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Mental Health and Violence

From BBC News:

Bipolar disorder ‘not to blame for violent behaviour’

People with a severe mental illness are no more likely to be violent than anyone else – unless they abuse drugs or alcohol, a study has suggested.


I read this article with interest because it reminded me of when, some years ago as new Emergency Care Practitioners, we were having a round table discussion about the safety of us, as single responders, being sent to patients with mental health problems.  Some felt that the risks were too great and we should not be sent to these calls on our own. I didn’t agree however, and I went off to undertake a little research of my own. I found various articles that supported my belief that it is the binge drinking and drug taking population who tend to give us the most problems – rather than people with a mental health diagnosis. According to The Mental Health Foundation on average 1 in 4 people will experience some kind of mental health problem in the course of a year. Only a minority of these will be diagnosed with a serious ongoing mental health problem. The majority of patients with mental health problems will be at the ‘soft end’ of the scale and therefore are unlikely to cause us any problems through violence.

This article discusses the study led by Oxford University’s Department of Psychiatry where the relationship between bipolar disorder and violence was observed and compared to the wider population. In conclusion it supports the view of mental health charities who argue that the stigma attached to mental illnesses is not justified by medical evidence.

I started thinking about the occasions when I have been assaulted or verbally abused while going about my duties in the past. While I have worked for over 20 years in the NHS, I have yet to recall a single incident where mental health was the sole contributory cause for the incident. For me alcohol abuse stands out as the single most important factor. A fact that is borne out by the British Medical Association, who in 1995 found that alcohol was a factor in:

  • 60-70% of homicides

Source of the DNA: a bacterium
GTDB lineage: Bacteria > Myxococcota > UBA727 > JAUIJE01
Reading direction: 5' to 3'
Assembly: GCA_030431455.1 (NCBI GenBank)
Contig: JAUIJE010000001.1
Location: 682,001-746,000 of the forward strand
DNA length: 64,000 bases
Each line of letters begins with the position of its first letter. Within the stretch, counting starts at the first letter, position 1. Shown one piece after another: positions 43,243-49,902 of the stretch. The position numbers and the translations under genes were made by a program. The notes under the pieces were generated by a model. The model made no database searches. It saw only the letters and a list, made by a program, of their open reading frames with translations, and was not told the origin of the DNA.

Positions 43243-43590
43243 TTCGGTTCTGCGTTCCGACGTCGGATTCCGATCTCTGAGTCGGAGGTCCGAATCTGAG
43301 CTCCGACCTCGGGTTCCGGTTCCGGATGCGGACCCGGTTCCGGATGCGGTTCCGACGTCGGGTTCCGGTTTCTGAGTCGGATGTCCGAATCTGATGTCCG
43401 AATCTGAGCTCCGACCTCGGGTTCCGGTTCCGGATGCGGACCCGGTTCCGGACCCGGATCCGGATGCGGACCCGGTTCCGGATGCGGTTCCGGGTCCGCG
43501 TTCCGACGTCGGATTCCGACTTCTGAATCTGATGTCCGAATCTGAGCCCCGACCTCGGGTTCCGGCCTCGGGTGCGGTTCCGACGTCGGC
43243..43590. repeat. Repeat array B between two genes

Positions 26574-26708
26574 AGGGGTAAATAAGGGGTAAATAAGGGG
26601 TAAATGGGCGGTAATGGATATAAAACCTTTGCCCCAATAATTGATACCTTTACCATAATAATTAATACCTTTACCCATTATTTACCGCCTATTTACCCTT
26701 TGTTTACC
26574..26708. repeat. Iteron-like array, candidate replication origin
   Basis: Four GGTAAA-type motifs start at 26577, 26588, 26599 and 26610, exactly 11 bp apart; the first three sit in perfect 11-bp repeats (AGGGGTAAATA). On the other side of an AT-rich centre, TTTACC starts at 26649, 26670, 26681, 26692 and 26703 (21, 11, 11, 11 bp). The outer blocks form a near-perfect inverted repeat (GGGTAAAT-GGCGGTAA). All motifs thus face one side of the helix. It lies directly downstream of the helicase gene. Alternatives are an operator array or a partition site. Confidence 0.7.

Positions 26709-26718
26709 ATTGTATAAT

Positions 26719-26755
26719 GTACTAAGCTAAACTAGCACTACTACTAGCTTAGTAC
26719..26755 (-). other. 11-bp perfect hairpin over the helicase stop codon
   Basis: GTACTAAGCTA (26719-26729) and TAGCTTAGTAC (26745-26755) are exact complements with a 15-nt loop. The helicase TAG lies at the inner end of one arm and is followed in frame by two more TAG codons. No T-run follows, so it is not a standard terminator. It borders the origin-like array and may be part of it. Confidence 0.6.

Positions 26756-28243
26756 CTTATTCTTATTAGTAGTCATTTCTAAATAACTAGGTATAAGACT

• 75% of stabbings
  • 70% of beatings
  • 50% of fights and domestic assaults

Further to this, binge drinking is evident in 24% of violent incidents reported to the police and binge drinkers were more likely to offend than other drinkers. They account for a disproportionate amount of the total number of crimes. I am sure that my colleagues in the ambulance service and police will bear testament to this, particularly those who work weekend nights.

During one memorable job last week, both me and my colleagues were covered in our drunken patient’s vomit as she lashed out and flailed about on the floor. She had managed to get vomit all over her own face and hair – even in her eyes. She kept exposing herself to neighbours and onlookers despite our best efforts to cover her up – and the wailing and crying – need I go on?

I have a simple idea though! We should have been allowed to take photographs of her in that undignified state. If she struggled to recall the events of the day before, these photos – obviously for her eyes only – would serve to redress the issue of her amnesia (those of us who witnessed it need no further reminder as the episode is forever indelibly etched in our minds). When she is handed the damning photographs she can then ponder over them at her leisure while she nurses her hangover and hopefully she will consider the atrocious spectacle she made of herself in front of her friends and neighbours as well as the not insignificant cost to the emergency services.


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